• Nicolas Granados

COVID-19: A Silver Lining for the Pharmaceutical Industry?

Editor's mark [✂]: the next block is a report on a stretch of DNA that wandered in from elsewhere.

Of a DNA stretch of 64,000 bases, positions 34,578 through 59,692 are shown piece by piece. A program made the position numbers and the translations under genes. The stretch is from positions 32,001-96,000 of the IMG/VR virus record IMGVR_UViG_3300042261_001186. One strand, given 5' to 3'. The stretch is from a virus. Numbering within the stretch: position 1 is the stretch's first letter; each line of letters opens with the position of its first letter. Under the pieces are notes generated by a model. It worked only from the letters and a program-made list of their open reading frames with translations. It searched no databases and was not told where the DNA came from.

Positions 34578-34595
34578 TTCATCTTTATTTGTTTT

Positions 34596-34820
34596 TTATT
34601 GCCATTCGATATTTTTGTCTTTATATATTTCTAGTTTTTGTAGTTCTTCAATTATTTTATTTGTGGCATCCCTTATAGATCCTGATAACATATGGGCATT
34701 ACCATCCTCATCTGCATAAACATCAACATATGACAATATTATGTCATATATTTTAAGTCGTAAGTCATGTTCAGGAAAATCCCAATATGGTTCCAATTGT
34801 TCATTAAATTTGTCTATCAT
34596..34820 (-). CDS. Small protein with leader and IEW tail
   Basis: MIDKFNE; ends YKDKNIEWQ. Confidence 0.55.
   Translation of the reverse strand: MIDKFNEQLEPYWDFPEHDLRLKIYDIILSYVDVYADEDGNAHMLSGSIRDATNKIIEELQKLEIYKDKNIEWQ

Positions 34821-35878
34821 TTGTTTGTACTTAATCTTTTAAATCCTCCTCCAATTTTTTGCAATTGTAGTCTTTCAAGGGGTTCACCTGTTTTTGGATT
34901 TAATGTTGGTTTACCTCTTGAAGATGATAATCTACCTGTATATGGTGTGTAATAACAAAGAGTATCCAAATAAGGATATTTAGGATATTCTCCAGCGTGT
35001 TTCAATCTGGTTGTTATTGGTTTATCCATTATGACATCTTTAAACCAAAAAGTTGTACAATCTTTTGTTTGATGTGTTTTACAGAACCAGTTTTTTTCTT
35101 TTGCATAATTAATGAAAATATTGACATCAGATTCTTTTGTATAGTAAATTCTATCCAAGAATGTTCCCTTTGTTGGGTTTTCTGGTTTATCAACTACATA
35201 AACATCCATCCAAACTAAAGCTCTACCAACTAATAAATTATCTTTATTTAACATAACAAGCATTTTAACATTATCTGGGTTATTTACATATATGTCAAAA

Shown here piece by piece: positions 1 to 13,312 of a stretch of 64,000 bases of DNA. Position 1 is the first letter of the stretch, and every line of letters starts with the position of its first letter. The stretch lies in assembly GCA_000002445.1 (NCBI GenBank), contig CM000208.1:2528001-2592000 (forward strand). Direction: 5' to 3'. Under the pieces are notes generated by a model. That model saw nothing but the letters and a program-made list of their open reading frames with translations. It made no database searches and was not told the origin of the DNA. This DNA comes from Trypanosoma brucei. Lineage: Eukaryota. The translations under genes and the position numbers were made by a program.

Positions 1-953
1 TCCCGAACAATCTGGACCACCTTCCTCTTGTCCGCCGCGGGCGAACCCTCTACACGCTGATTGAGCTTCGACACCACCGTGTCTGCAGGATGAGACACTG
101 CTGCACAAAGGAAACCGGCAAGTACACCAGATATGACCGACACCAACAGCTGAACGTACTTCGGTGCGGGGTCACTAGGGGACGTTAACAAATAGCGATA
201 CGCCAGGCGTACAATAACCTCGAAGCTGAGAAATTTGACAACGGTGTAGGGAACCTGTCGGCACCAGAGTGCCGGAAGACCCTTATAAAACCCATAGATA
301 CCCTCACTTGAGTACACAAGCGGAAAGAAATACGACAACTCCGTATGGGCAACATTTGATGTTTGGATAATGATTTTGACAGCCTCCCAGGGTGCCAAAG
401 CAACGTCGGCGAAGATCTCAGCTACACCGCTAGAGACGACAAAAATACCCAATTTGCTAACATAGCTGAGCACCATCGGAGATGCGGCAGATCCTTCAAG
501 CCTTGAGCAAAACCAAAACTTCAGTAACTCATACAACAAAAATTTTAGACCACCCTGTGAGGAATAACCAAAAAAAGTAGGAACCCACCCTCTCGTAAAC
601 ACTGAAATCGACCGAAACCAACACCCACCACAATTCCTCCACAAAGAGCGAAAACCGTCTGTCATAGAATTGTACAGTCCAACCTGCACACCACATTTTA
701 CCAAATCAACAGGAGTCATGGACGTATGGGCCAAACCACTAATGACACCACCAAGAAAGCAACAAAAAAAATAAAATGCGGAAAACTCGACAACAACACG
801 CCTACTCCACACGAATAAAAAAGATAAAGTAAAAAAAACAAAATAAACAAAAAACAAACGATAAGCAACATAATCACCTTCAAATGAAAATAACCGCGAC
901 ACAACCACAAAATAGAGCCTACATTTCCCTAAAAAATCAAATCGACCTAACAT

The impact of COVID-19 has been both shocking and profound. Although modern medical technology has allowed such viruses to be less deadly than diseases of the past, the economic impacts could haunt modern economies for many years to come. Robert Wood, Chief UK economist at Bank of America, has revised down his UK growth forecast for 2020 to a 7.4% contraction, his reason being that the fiscal stimulus measures put forward by Chancellor of the Exchequer Rishi Sunak were proving to be less effective than expected. Most sectors of the economy, both in goods and services, are performing poorly, with new entrants into the labour market at an unprecedented low from March-April. However, among the sectors that could benefit could be the Pharmaceutical industry. Various medical bodies and government bodies, including the European Union’s EMA, have offered support to the pharmaceutical sector including accelerating regulatory approval procedures in order to speed up the process of developing a vaccine to the virus. Bank of England forecasted economic growth. Source: Financial Times Therefore, could it be likely that the pharmaceutical industry could stand to benefit from the pandemic? The extent of the ability to profit from the development of a vaccine depends on pricing regulations in countries where the vaccine is developed. In the United States, there is a potential for big profits due to the fact that price controls are not stringent. This comes after lawmakers attempted to restrict the amount of profit that pharmaceutical firms that develop the vaccine could make, however the final aid package that passed omitted language that would limit manufacturers' property rights but also restricted federal ability to intervene if the price of the vaccine is too high. Republican lawmakers argued the case for the absence of federal intervention in pricing arguing that cutting the profit incentive would reduce innovation and decrease the incentive for development, slowing the development of any vaccine. The pharmaceutical industry can therefore price its vaccines so that the developers make a profit, but also, the industry will stand to benefit due to the fact that they can profit from investment into the development process of the vaccine and from the diffusion of information from non-profit and medical bodies. According to the advocacy group Patients for Affordable Drugs, every drug between 2010 and 2016 that has been patented involved science funded with taxpayer’s money, with the taxpayer contributing more than $100 billion into research and development. The result of the omission of language limiting high pricing of vaccines is hardly surprising given that the Pharmaceutical industry spent $295 million on lobbying in 2019. Given these windows of opportunity, a number of pharmaceutical firms have begun the development of vaccines. Roche Pharmaceuticals have begun to work on a vaccine and have begun phase 3 clinical trials, with a $25 million backing from the US government’s Biomedical Advanced Research and Development Authority (BARDA) to speed up development and testing. This is not a vaccine, but a treatment usually used to treat arthritis however could be successful in combatting COVID-19. There has also been inter-pharmaceutical cooperation from Roche, Johnson & Johnson and Sanofi Pasteur who have agreed to share resources and information, including clinical trial data, in order to increase testing capacity and speed up the development of a vaccine. This comes after the EMA said that the growing number of fragmented studies were insufficient to generate a large enough pool of data in order to reach conclusive results and more cooperation was needed. However, there are many impediments to successfully developing a vaccine, whose development comes in stages. Firstly, there is the exploratory stage that requires research in labs on the virus and to understand how it fundamentally works and to explore antigens that could treat the virus. Second is the pre-clinical phase that involves computer simulations and work on animals including developing antigens. Then comes arguably the stage where most firms fail when it comes to developing vaccines: the clinical development stage. This is done in tiers. First, the vaccine is given to a small group of healthy people to see possible side effects. Then, it is given to a wider group of people who have the virus and then to a larger control group to see for any widespread side effects and to test the effectiveness of the vaccine. The vaccine is then subject to regulatory review and then it can be manufactured and undergo quality control. It takes an average of $319-469 million to develop a vaccine to the end of phase 2a, where it is given to a small control group, starting from the pre-clinical stage. One firm on the forefront of developing the vaccine is Moderna. On news that the firm is already in advanced stages and is now undergoing clinical trials, their stock price increased rapidly and is up 78.1% YTD at the time of this article being written. Their development of the vaccine comes after discoveries that COVID-19 shares between 80-90% of genetic material with SARS and Moderna were already in advanced stages of developing a vaccine for the SARS virus and the firm are predicting a best-case scenario initial autumn roll out of the vaccine. Moderna CEO Stéphane Bancel. Source: Getty Images Historically, however, vaccines have had a mixed track record when it comes to profitability and success. There are only mainly 4 big vaccine players within the pharmaceutical industry, most have gone bankrupt or have left the market, according to Moderna CEO Stéphane Bancel. The rates of return on vaccines are traditionally quite low due to the very high fixed costs, research and development costs and adjustments that have to be made in response to changes in countries’ regulatory framework which is a constantly evolving landscape. For instance, Moderna has more than $2 billion into developing vaccines during the lifespan of the firm however is yet to be profitable. High fixed costs include developing the production capabilities to produce the vaccines on a mass scale and the research facilities, this is shown by Pfizer spending $600 million to just develop one production facility for vaccines. Some vaccines have proved profitable however, with Pfizer’s best performing product being Prevenar 13 which helps to prevent against pneumonia. Therefore, how much the pharmaceutical industry could stand to profit from developing a vaccine or treatment depends primarily on the regulatory hurdles that stand in the way, from pricing regulations to the speed at which drugs and vaccines get approved past a clinical trial. Moreover, the success depends crucially on the dispersion of information from pharmaceutical firms and medical bodies, as there needs to be a coordinated effort in finding a solution to the disease.